Joe Levi:
a cross-discipline, multi-dimensional problem solver who thinks outside the box – but within reality™

The Republic is dead. Long live the Republic!

Uncle Sam

Last night, Count My Vote, SB54, and the Buckshot Caucus won – and the Republican process lost.

A “former” Democrat didn’t care about your elected neighborhood representative – your Delegate – and instead of going through the Convention process, paid his way onto the Primary Ballot. Well, “he” didn’t pay, out-of-state special interest groups paid to get him on the ballot.

Count My Vote and SB54

During the Count My Vote petition and SB54 time frame, many people came forward reporting that Democrats in Utah had been telling their members to register as “Unaffiliated” rather than as “Democrat” – and that by so doing they could vote in Republican Primaries. Thankfully, that part of SB54 (allowing non-Republicans to vote in Republican Primaries) was stricken down as illegal by the courts. The “Unaffiliated” strategy could have been to:

  1. Get the most liberal Republican elected, and/or
  2. Get a Democrat to run as a Republican so the Democrats could have a chance in the traditionally Red Utah.

Utah’s Caucus & Convention System

There was a problem with the latter point of the “Unaffiliated” strategy: Utah has had a Caucus and Convention System that made this type of coup very difficult to pull off. In this system, we elected representatives for our neighborhoods (Delegates) who would then research those wishing to win the Republican Endorsement – this effectively weeded out those who were “masquerading” as Republicans in an attempt to get elected.

If there was a clear sentiment of who the best representative of Republican values was, that person was promoted to the General Ballot. If the sentiment was split, all but the two highest vote getter were eliminated, and those would be promoted to a Republican Primary Ballot.

The Republican Primary Ballot was an opportunity for the Republicans in those neighborhoods to select which of the two remaining candidates would make it on to the General Ballot.

SB54 Mutes Your Voice

Thanks to SB54, your elected neighborhood representative can no longer do his or her job. Today, candidates can (and have) bought their way onto the ballot – this is called the “Signature Path”.

The Signature Path lets candidates go around gathering signatures (often times fraudulently). The candidates themselves don’t do all the work – instead they pay people to do it, and often they pay per each signature gathered. They literally buy their way onto the ballot instead of getting the approval of your elected neighborhood representative.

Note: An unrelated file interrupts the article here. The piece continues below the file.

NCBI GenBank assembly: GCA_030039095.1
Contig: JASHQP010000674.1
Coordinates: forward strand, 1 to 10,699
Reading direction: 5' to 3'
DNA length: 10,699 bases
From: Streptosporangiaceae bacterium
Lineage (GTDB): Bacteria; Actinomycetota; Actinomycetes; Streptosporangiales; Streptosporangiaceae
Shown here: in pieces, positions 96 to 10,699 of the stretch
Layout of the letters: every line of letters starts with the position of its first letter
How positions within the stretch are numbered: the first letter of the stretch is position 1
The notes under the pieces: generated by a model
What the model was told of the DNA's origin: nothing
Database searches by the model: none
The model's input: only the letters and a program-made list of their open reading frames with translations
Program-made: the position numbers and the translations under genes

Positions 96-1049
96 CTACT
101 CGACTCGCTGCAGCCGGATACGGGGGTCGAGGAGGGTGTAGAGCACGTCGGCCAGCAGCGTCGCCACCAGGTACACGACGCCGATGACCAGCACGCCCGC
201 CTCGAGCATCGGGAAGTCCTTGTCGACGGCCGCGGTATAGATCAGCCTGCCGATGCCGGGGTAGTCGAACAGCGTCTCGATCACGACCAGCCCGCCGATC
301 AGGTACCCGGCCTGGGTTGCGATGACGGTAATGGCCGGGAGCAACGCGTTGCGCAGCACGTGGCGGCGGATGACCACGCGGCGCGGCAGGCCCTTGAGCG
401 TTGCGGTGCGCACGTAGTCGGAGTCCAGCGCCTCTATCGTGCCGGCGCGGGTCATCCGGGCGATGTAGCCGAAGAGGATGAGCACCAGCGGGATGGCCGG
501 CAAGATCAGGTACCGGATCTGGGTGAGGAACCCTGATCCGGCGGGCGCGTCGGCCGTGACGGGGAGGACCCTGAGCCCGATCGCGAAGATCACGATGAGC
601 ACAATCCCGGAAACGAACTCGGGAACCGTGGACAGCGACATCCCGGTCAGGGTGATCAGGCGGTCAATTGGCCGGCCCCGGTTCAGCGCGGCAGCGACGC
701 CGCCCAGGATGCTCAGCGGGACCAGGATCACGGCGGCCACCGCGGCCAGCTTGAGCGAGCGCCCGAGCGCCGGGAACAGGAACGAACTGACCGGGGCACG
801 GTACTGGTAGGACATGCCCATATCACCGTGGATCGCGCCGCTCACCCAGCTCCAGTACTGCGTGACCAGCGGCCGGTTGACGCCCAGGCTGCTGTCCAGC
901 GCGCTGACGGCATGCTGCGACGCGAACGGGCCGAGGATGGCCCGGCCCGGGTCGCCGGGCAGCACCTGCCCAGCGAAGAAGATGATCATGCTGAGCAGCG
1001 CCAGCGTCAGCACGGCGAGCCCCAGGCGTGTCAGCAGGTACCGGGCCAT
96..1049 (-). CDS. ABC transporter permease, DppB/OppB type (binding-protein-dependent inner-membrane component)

If the “pay to get on the ballot” “Signature Path” wasn’t bad enough, since candidates can (and have) bypassed the Convention completely, after they’ve been elected, they no longer have any reason to listen to your elected neighborhood representative. SB54 and “Signature Path” candidates have successfully muted your voice.

Because of SB54, your opinions are only are heard at the ballot box every several years instead of throughout their elected term of office through your elected neighborhood representative.

“Unaffiliated” Problems

To add insult to injury, most of Utah uses “Vote By Mail” rather than “Vote In Person”. On the surface, that sounds like a good idea, but it eliminates the personal verification of poll-workers and limits it to people looking at signatures.

In Utah’s CD3 special election this year, Republican ballots were sent out to “Unaffiliated” voters. Yes, County Clerks “messed up” and sent out ballots inline with the (illegal) wording of SB54. They said it was a “mistake”. However, if “Unaffiliated” voters want to cast their Republican Primary ballots, they could register as Republicans and have their votes counted.

That was the argument of Count My Vote: your vote wasn’t being counted. Except that was a lie.

Republicans should pick their own candidate to appear on the Primary Ballot. Democrats should pick their own candidate to appear on the Primary Ballot. Libertarians, Constitution Party, or any other party should pick their own candidate to appear on the Primary Ballot. THAT is where your vote gets counted.

Count My Vote wanted non-Republicans to be able to “help select” the Republican candidate. Why should Democrats, Libertarians, or members of any other party get to select the candidate of another party?! It’s absurd. But that’s what they wanted – because their candidates weren’t getting elected. Read that again. Their candidates weren’t getting enough votes to get elected, so their solution was to rig the way candidates are put on the ballot in an attempt to get them elected.

In this election, “Unaffiliated” voters (those who are by their own choice NOT members of the Republican Party) very likely selected the candidate who will appear on the General Ballot as a Republican. 

A New Kind of Voice: Pay to Play

Thankfully, most candidates aren’t self-funded, they rely on campaign contributions – the majority of which come from PICs and PACs and Special Interest Groups. So, if you want your opinions to be heard now, instead of walking down the street to chat with your elected neighborhood representative, you have to find a PIC, PAC, or Special Interest Group which represents your views, donate a large sum of money to them, and get that Committee or Group to relay your message to your elected official. You have to “pay to play”.

That doesn’t sound like a Republic any more.

Congratulations, Count My Vote, you’ve won this round. Unfortunately, it’s our Republic which lost.


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